Piper Jaffray analyst Gene Munster has had an idée fixe about Apple’s so-called iTV for so long that before Steve Jobs said he’d “cracked” the television problem, we actually thought he seemed a bit ridiculous.
In 2012, though, it’s increasingly looking like Munster is right and Apple is planning an entry into the HDTV market. In fact, according to Munster’s own sources, Apple has been contacting major TV component suppliers about securing display panels for the iTV, which he believes will launch by late 2012.
But that’s not all. Munster has some intriguing thoughts on just what the magic behind the iTV will be, and he sees three possible scenarios for content:
1. The simplest scenario – Apple could simply enable its television to manage a consumer’s live TV service from within a unified interface much like TiVo does, partnering with MSOs (i.e. the cable companies). [..] In some ways, a connected TV’s software is the biggest differentiator that Apple can bring to the table, so this option could still result in a new and fresh product for the television market. Apple could also supplement this with its iTunes Movie rental and purchase service directly on the television.
2. Live TV + Web combo – Apple could offer access to live TV from network channels in combination with other web-based video services. One middle-of-the-road option could be for Apple to deliver live TV from network channels (either over the internet or over the air) to the Apple Television. Apple could then leverage a new App Store for the Apple Television to supplement the basic live TV features with Netflix, Hulu Plus, or any content provider that chooses to build an app for the television.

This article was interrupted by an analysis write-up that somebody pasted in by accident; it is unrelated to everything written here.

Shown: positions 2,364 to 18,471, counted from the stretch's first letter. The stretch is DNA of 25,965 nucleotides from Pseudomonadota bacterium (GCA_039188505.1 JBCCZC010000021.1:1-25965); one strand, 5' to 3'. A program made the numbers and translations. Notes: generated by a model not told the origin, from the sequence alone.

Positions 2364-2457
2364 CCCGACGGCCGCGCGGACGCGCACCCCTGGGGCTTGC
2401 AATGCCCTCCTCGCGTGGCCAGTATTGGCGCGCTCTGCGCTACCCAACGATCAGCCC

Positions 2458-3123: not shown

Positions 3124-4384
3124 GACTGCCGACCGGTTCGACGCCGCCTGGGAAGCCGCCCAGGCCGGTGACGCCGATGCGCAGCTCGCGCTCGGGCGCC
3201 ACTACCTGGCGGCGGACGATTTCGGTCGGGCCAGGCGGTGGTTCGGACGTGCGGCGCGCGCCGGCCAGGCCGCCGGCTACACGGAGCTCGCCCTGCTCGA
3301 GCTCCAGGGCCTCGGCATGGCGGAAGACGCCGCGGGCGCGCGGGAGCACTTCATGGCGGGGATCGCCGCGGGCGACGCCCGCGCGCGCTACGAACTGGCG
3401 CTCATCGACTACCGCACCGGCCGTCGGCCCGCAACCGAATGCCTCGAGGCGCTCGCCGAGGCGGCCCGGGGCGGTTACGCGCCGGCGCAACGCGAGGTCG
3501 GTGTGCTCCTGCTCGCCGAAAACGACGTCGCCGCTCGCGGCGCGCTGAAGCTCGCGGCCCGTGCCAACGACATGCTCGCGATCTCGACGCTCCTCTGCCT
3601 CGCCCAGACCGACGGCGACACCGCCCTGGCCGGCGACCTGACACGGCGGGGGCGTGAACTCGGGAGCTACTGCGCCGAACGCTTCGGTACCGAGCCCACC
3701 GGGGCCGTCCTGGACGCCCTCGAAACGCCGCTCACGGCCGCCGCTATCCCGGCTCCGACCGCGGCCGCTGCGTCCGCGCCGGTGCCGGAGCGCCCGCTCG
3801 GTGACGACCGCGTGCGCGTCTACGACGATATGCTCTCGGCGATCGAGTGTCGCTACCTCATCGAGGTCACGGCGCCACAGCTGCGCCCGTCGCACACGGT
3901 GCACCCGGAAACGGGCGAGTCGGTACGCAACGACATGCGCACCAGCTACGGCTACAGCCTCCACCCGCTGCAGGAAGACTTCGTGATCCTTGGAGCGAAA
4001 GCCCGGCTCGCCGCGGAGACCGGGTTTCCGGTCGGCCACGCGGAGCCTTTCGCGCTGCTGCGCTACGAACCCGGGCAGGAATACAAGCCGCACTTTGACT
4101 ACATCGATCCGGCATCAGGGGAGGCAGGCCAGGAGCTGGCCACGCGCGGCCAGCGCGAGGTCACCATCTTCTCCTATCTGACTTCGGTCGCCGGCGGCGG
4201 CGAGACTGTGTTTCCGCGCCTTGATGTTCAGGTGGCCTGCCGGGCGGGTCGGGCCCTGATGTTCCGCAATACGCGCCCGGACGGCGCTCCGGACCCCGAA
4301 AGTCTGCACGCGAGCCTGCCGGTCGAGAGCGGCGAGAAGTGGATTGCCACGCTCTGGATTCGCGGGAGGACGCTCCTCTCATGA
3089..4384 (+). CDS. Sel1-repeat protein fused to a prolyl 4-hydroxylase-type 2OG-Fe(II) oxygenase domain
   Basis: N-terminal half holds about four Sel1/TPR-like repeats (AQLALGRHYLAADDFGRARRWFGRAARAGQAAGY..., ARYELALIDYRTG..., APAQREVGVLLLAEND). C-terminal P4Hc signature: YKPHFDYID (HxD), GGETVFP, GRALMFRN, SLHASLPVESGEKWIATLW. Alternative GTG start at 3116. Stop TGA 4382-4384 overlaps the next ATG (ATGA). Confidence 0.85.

3. iTunes television subscription – Apple could offer monthly subscriptions, on an a-la-carte basis, for live TV packages with content from content providers. […] Such an offering would be unlikely given existing licensing arrangements between content providers and service providers as well as the fact that it lies outside of Apple’s core competencies, even in media.
Honestly, I think the simplest scenario is most likely to be right. Honestly, Apple’s revolutions are usually launched by seemingly small innovations centered around a more usable interface. For example, the iPhone revolutionized smartphones by adopting a touchscreen instead of physical buttons and then building the whole core OS around the concept of apps, of which telephone abilities were just one small part. When Apple enters the HDTV market, I expect them to do the same thing.